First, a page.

The Future of Architecture and Engineering: A Q&A with SKOL Managing Director Matti Mannonen
In an industry centered around innovation, the question always remains – what’s next?
To help answer this, we’ve launched a series of blog posts exploring the past, present, and future trends in architecture, engineering, and construction consultancies. Over the next few months, follow along with us as industry leaders share their thoughts.
In this post we spoke to Matti Mannonen, Managing Director of the Association of Finnish Consulting (SKOL) and Director of the Federation of Finnish Technology Industries based in Helsinki, Finland. Matti has over 30 years of international experience in consulting management. He specializes in sustainable development, transportation planning, and the construction of water and energy systems. He holds a Masters degree in Civil Engineering from the Helsinki University of Technology.
Q: What do you think is the most significant trend that will impact the future of the AEC industry in your region over the next 5 years?
A: The AEC industry will become fully global. There will be new competitors, but also more work. Sustainability will become a determining factor in all industries.
Q: How do you see the current role of AEC firms shifting, what do you think is causing that shift, and how must AEC firms react to survive?
A: Under a new competitive model, we can only survive by providing the best value to clients. We must also be able to demonstrate value to our clients. This will come in the form of innovative solutions, cost-efficient sourcing and networks, co-creation with clients and stakeholders, turn key services, digitalization, alliance formation, and risk sharing.
Q: Knowing what you know today, are there things you would or could have done differently to prepare for or react to the Global Financial Crisis of 2008? Are there things that you are doing differently now because of the GFC? How have you evolved your processes or policies post-GFC?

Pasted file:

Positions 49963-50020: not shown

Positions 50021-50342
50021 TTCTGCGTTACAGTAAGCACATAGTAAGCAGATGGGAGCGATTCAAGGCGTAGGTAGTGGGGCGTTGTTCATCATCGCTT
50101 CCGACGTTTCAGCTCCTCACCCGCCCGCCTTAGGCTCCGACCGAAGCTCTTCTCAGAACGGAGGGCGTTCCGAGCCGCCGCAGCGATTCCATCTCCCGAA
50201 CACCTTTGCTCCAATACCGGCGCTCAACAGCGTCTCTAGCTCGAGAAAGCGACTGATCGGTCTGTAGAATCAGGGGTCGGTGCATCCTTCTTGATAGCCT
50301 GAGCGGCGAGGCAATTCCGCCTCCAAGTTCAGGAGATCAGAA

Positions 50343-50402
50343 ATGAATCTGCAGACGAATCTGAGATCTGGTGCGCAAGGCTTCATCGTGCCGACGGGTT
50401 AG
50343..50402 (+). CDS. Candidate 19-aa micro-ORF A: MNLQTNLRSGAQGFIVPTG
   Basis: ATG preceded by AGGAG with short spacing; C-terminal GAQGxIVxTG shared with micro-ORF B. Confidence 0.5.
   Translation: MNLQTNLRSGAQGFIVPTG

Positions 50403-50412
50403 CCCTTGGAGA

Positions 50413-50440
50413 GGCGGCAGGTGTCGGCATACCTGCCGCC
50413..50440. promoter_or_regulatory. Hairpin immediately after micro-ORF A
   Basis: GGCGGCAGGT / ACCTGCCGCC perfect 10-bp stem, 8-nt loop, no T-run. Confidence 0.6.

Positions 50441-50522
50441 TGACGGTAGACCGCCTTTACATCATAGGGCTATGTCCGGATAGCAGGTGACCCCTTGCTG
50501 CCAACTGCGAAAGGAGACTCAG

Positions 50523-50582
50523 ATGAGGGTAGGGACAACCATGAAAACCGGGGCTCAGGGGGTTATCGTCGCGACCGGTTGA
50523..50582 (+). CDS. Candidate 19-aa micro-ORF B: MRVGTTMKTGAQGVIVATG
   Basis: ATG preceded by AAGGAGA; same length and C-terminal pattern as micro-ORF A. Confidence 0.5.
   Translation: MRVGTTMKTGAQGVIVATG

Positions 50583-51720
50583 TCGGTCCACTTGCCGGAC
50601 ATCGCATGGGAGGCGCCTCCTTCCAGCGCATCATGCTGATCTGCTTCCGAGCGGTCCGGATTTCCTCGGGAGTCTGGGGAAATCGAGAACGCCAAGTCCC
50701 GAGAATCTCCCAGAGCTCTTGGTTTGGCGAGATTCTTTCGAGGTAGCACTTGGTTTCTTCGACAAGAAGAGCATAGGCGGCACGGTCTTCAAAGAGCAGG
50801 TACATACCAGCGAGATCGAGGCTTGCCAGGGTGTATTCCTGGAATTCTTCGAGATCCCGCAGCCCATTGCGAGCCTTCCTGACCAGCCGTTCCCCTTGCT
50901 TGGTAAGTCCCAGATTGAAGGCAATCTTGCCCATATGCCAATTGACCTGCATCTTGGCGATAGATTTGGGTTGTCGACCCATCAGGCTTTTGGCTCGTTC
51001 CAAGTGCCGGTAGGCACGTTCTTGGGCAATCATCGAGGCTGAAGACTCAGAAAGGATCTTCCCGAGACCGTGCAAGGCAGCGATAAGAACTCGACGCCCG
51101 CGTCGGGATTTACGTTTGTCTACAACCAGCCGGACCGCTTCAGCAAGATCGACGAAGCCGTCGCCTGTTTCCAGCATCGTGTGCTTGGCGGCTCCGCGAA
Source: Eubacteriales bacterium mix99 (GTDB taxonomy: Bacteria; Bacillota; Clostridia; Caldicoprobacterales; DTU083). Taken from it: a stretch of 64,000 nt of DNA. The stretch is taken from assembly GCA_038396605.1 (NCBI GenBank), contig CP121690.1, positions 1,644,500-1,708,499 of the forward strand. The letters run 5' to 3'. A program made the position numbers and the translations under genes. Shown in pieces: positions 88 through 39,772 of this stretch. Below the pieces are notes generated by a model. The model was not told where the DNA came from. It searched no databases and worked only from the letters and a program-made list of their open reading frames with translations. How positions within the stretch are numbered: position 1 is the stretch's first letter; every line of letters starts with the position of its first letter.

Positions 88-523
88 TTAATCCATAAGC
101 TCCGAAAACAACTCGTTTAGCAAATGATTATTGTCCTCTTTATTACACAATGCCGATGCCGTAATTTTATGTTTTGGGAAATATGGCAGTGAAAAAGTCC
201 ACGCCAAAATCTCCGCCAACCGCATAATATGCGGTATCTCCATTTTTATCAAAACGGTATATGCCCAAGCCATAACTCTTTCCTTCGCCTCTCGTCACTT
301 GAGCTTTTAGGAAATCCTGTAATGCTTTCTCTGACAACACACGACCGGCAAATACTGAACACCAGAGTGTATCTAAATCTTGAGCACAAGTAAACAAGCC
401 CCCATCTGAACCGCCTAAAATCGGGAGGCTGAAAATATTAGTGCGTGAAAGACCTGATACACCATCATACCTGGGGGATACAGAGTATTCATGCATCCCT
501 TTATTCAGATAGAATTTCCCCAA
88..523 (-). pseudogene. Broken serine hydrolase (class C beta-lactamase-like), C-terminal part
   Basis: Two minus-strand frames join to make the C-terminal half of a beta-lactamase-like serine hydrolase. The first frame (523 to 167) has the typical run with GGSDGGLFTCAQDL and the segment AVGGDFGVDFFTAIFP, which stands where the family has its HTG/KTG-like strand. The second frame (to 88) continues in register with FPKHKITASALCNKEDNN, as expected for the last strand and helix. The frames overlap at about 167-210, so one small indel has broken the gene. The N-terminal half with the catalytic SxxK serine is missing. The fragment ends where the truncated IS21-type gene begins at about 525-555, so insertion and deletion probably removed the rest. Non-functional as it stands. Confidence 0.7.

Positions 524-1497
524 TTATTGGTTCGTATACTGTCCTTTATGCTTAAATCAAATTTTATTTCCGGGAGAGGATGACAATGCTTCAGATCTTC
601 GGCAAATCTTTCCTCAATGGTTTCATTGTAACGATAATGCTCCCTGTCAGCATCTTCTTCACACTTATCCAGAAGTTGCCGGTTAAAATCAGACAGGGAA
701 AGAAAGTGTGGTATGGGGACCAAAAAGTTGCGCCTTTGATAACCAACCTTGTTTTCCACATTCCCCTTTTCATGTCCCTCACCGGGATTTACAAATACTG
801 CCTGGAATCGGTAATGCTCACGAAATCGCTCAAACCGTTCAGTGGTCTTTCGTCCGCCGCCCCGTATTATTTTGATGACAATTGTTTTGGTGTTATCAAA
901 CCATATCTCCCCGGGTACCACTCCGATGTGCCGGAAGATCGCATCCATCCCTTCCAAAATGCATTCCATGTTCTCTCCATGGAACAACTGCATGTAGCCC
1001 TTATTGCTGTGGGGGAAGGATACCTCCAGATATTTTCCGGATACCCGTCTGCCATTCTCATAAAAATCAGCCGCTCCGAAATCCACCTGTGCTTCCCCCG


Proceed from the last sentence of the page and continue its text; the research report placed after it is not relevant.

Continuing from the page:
A: 2008 was a paradigm shift. Until then, you always had good markets somewhere. In 2009, every market was experiencing a recession, so being in many markets did not help. Companies must be more agile than before and be prepared for continuous uncertainty. Outsourcing and flexible agreements should be used as a buffer. As the life cycle of products and services gets shorter and shorter, renewal in companies must be constant.
Q: What is the biggest challenge you are currently tackling within your firm or association?
A: In Finland, we are fighting for good procurement practices. This will occur through better information capture and an improvement in the quality of the resources and skills of procurement units and individuals. We want members to take a holistic view of projects that looks at life cycle costs and sustainability.
Q: How has your office environment changed, and how is your firm continuing to evolve your workplace environment, procedures, and technologies, to accommodate the evolving demands of the incoming millennial workforce? What considerations and changes are you making regarding collaboration, efficiencies, work/life balance, technologies, etc.?
A: We have shifted to a multi-space, flexible office with all of our IT in the cloud. All employees have the choice to work wherever they like--at home, in a cafeteria, or on the beach. We work very collaboratively. Informal information flows are fast and efficient and the atmosphere is good. We also have a retention officer who is in charge of the continuous development of skills and practices.
This post is part of a question and answer series with global industry leaders on the future of the architecture, engineering, and environmental consulting industries.